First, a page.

Welcome to 'Digitizing America'
This class will explore the history of the United States from 1980 to the present through the lens of the rapidly changing information landscape that shaped this period. We will examine the origins of technological changes like the mainframe computer, and the transition to personal computers; the emergence of the internet and the development of the world wide web. We will also consider the impact that technological change had on the economy, politics and social interaction. We will discuss the ways in which the speed and ease of access to information served as a catalyst for globalization. On the one hand the combination of cable and satellite technology brought news of distant places into every living room. On the other hand, the powerful ability to collect and sort data allowed individuals to express a range of preferences and increased the likelihood that they would be targeted by advertisers and politicians alike, based upon these preferences. The ease with which information could be transmitted and the plummeting cost of doing so also facilitated experimentation with new identities and encouraged a range of new associations. Feeling hungry but cheap? Click here. You might be a frugal foodie waiting to come out of the closet.
The fluid nature of identity, encouraged by multiple means of experimenting with and accessing these cultural frames, confounded class, racial and gendered relations and the nature of citizenship and political engagement. Of equal significance for understanding all of these changes were the ideas, political movements, developments abroad and unanticipated events such as the terrorist attacks of 9/11/2001 that shaped this period. We will explore the ways in which changes in the information landscape encouraged enhanced surveillance at home and influenced foreign policy abroad and ask how the proliferation of media outlets and filters for sorting these outlets have created echo chambers, even as media empires have consolidated. We will also look at the ways in which Americans have come to work, play and consume in a digital age.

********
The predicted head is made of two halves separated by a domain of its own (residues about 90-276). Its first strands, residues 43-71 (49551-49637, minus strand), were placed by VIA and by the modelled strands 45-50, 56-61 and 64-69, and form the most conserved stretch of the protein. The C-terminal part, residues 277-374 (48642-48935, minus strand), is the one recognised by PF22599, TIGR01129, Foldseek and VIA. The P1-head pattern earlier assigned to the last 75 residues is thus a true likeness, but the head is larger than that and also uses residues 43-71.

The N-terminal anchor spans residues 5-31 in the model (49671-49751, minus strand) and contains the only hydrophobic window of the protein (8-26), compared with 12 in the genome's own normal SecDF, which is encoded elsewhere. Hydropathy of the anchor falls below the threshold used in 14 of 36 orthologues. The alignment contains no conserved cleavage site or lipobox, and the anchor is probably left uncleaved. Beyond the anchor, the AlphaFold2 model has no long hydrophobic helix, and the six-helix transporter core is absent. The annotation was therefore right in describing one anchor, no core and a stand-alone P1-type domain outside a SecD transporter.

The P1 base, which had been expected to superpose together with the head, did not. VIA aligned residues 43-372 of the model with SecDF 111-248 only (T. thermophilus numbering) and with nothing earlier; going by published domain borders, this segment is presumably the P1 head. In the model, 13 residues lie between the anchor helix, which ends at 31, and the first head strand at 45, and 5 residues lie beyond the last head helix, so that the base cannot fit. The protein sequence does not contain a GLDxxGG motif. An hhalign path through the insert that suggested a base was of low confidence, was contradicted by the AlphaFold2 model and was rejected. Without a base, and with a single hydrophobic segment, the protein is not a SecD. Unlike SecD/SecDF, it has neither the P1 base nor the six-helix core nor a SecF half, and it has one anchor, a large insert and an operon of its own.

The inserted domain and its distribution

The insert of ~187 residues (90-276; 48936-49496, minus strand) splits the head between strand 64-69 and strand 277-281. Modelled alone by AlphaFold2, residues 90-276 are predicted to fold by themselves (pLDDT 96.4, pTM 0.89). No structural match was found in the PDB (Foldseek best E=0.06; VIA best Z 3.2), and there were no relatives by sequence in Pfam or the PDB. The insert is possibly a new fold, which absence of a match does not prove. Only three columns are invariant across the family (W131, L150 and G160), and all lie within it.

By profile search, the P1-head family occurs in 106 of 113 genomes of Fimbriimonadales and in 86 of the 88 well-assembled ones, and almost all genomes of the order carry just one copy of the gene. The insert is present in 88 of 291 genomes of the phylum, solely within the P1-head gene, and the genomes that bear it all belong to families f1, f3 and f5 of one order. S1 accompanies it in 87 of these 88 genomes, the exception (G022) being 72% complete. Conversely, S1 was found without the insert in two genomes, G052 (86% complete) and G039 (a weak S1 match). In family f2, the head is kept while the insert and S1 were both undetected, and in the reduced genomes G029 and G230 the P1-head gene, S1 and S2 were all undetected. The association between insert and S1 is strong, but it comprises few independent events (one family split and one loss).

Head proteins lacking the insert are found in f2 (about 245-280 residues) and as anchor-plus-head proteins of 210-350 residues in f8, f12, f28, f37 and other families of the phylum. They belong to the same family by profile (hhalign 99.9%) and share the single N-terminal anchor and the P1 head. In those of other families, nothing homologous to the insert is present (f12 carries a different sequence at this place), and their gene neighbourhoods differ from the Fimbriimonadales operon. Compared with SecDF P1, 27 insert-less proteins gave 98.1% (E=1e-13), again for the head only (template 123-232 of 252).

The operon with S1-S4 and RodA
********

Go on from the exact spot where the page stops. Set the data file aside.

The narrative arc of the class is divided into three parts. For the first couple of weeks, we will “boot up,” looking at the how scholars and the broader public have thought about the relationship between technology and society. This section of the class embeds the technological developments we will discuss in their political, cultural, intellectual and social context. Part II of the course proceeds relatively chronologically, examining the major turning points in the history of information in the United States from 1945 through the present, and its intersection with key political, intellectual and social developments. Because this is a history class, we begin during World War II – crucial for understanding the origins of computing and the national security framework that it emerged from. Ditto for the social tumult of the Sixties and the contrasting views about the value of technology, its dangers, and possibilities. Libertarian ideas appealed to many of the countercultural types who were at the intersection of digital innovations and their social applications. So did the market and the language of the market, which soon become the dominant metaphor in America, gaining traction world-wide. We will use the Y2K panic (which we now laugh about) and the 9/11 tragedy, which many still cry about, to reflect upon just how dependent upon digital information the world had become at the turn of the twenty-first century. The third part of the course turns to some of the major facets of life in America from 2000 to the present. In units that treat homeland security, identity, politics, work, consumption, play, and the relationship between the local and the global, we will trace the evolution of each of these components of life through the lens of digital developments.